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Cities to see more job growth in coming decades, rural areas not so much, study says

"Left unchecked, the disparities within the nation are going to widen,” said Susan Lund of the McKinsey Global Institute, which released the report.
Image: Jobs, USA
A worker welds a lawnmower frame together in Coatesville, Indiana, in 2015. A study examining the future of work in the U.S. indicates big cities will become significantly larger, richer and more powerful while the rest of the nation, especially rural regions, are in danger of losing more jobs, many to automation.Luke Sharrett / Bloomberg via Getty Images file

A new study examining the future of work in the U.S. spells bad news for America’s smaller communities and a growing national divide when it comes to jobs.

The report, published this week by the McKinsey Global Institute, indicates the nation’s biggest cities are on pace to become significantly larger, richer and more powerful in the coming decade, while the rest of the nation, particularly already depressed rural regions, are in danger of losing more jobs, many to automation.

The 113-page study that analyzed 315 cities and more than 3,000 counties shows the nation’s 25 most prosperous cities, which have fared the best since the Great Recession in 2008, are expected to see the most job growth in coming years. These cities include New York, San Francisco, Denver, Dallas, Seattle and Houston.

At risk of falling further behind are the nation’s smaller communities, particularly those whose economies have traditionally relied upon agricultural and manufacturing jobs and whose work forces are older and less educated.

“We’re on the brink of a different age where automation is going to replace a lot of tasks,” said Susan Lund, a partner at McKinsey Global Institute, which conducts research on the economy. “The report is a call to action. Left unchecked, the disparities within the nation are going to widen.”

According to Jed Kolko, chief economist at Indeed, the findings of the report are consistent with national trends his team has been tracking.

“The more urban an occupation is, the more likely that occupation is to grow in the future,” he said. “Future job growth is likely to favor urban areas.”

Automation is expected to hit workers lacking a college degree hardest. But the rise of automation, Lund indicated, will affect workers of all ages.

“We think about automation affecting older workers, but we find 15 million workers under the age of 34 could be displaced," Lund said. “The question is, 'How do you get young people onto the career ladder?' It adds the imperative that schools teach skills like problem-solving so that students can go to more demanding roles.”

Lund said retraining workers will be critical in coming years and noted that this week’s announcement by Amazon that it plans to retrain one third of its workers is a positive sign. The company announced Thursday it plans to spend $700 million to retrain 100,000 workers to do more high-tech tasks in what is being billed as one of the largest employee retraining undertakings in the world.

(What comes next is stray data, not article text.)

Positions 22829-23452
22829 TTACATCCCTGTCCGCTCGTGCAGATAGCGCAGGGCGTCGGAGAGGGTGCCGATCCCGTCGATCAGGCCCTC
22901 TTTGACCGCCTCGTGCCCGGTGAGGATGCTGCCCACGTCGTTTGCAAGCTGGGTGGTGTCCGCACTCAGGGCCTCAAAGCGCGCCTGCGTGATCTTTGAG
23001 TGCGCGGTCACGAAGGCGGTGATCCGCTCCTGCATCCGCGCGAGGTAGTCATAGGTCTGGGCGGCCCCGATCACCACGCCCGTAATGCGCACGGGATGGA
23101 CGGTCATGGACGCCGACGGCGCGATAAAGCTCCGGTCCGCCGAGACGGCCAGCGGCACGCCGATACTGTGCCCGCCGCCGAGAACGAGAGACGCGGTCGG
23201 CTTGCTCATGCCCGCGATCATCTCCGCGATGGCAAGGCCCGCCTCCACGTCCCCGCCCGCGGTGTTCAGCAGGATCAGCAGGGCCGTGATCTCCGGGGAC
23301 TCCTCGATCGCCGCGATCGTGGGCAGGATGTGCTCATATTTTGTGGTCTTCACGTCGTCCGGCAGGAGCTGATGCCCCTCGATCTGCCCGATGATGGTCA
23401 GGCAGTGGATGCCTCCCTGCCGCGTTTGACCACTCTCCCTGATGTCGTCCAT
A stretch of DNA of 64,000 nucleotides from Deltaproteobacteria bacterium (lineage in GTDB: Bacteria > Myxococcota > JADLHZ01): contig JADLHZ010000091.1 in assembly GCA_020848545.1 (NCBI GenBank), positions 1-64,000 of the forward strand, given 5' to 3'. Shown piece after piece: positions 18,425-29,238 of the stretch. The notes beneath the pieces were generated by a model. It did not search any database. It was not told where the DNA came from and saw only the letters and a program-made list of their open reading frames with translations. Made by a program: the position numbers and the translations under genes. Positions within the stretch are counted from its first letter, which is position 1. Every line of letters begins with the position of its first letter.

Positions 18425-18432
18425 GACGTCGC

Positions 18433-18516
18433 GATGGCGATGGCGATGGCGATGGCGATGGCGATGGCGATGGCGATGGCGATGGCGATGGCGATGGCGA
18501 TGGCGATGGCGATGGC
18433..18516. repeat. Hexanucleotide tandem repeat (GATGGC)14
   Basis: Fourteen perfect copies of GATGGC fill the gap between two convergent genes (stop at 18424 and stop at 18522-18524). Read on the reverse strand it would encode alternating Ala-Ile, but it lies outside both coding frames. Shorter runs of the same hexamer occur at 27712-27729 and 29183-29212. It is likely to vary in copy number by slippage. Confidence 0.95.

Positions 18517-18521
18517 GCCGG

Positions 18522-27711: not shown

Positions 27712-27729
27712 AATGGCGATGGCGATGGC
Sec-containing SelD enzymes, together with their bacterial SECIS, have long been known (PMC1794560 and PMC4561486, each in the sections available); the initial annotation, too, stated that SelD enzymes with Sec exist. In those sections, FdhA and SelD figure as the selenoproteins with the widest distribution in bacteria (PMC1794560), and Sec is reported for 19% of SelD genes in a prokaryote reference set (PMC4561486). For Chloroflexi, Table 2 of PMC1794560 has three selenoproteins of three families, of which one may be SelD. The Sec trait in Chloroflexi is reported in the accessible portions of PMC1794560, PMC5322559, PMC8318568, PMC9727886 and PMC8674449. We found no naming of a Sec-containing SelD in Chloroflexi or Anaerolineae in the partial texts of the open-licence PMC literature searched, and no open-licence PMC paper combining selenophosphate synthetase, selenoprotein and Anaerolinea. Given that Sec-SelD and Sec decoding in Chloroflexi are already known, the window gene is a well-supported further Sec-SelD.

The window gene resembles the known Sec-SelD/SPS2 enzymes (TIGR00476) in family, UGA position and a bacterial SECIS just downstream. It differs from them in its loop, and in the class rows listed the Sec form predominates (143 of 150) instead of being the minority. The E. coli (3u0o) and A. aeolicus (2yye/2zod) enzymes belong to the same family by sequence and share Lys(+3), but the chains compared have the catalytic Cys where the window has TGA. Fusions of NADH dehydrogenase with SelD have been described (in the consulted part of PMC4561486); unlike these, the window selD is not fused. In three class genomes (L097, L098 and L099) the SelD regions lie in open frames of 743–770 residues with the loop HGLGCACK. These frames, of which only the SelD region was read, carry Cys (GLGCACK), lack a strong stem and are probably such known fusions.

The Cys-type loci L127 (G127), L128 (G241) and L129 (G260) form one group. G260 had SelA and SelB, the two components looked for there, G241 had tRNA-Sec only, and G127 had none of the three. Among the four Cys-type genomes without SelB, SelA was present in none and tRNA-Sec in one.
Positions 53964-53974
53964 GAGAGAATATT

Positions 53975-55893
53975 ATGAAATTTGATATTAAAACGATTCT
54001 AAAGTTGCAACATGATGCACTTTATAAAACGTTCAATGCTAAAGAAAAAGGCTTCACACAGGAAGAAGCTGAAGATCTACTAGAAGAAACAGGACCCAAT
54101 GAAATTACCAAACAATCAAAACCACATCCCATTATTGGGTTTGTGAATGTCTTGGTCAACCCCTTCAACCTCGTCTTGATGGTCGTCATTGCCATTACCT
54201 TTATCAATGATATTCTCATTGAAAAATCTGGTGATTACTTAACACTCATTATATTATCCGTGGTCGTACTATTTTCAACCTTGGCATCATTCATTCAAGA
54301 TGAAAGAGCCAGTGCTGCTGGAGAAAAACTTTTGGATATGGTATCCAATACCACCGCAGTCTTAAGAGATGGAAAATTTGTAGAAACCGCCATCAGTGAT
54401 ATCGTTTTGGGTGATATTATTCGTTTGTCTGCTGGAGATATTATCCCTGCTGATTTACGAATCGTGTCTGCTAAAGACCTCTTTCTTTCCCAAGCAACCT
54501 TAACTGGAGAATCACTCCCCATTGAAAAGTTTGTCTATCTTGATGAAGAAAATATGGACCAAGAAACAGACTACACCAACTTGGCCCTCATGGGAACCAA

“I think the Amazon announcement is a positive,” said Lund, noting other companies, including JP Morgan Chase are similarly taking on retraining initiatives. “There’s a recognition that work is changing for everyone, even with those of us with college degrees.”

An additional finding of the McKinsey report finds that Americans are moving far less than they were in past decades.

“People in the U.S. are moving at half the rate that they moved in 1990,” Lund said. “People don’t move as often.”

Lund said people are moving less for a variety of factors: “The population is older, people are taking care of aging parents. For a while, mortgages were under water.”

When people do move, those in low-growth areas tend to relocate to other low-growth areas, meaning there was no upward movement when it came to job opportunities, Lund said.

She said the report is not all bad news for small cities. According to the study, university towns like Ann Arbor, Michigan, where the University of Michigan is based, and communities that attract retirees and tourists are faring well.

Kolko agreed with that idea.

“One of the best strategies for growth is to bring more college campuses to areas that are struggling,” Koko said. “The presence of a college campus or a higher education institution is often related to the strength of a smaller town or rural economy. But that’s a long-term kind of solution. That’s not a quick-fix solution.”

Among the fields Kolko points to as the most likely to grow and remain in demand in coming years, in communities both big and small are health care and technology.

“Health care is needed wherever people live, especially where older people live,” Kolko said. “Jobs in technology also are likely to see strong job growth, not just software developers creating new software applications but also jobs for people who are users of those applications.”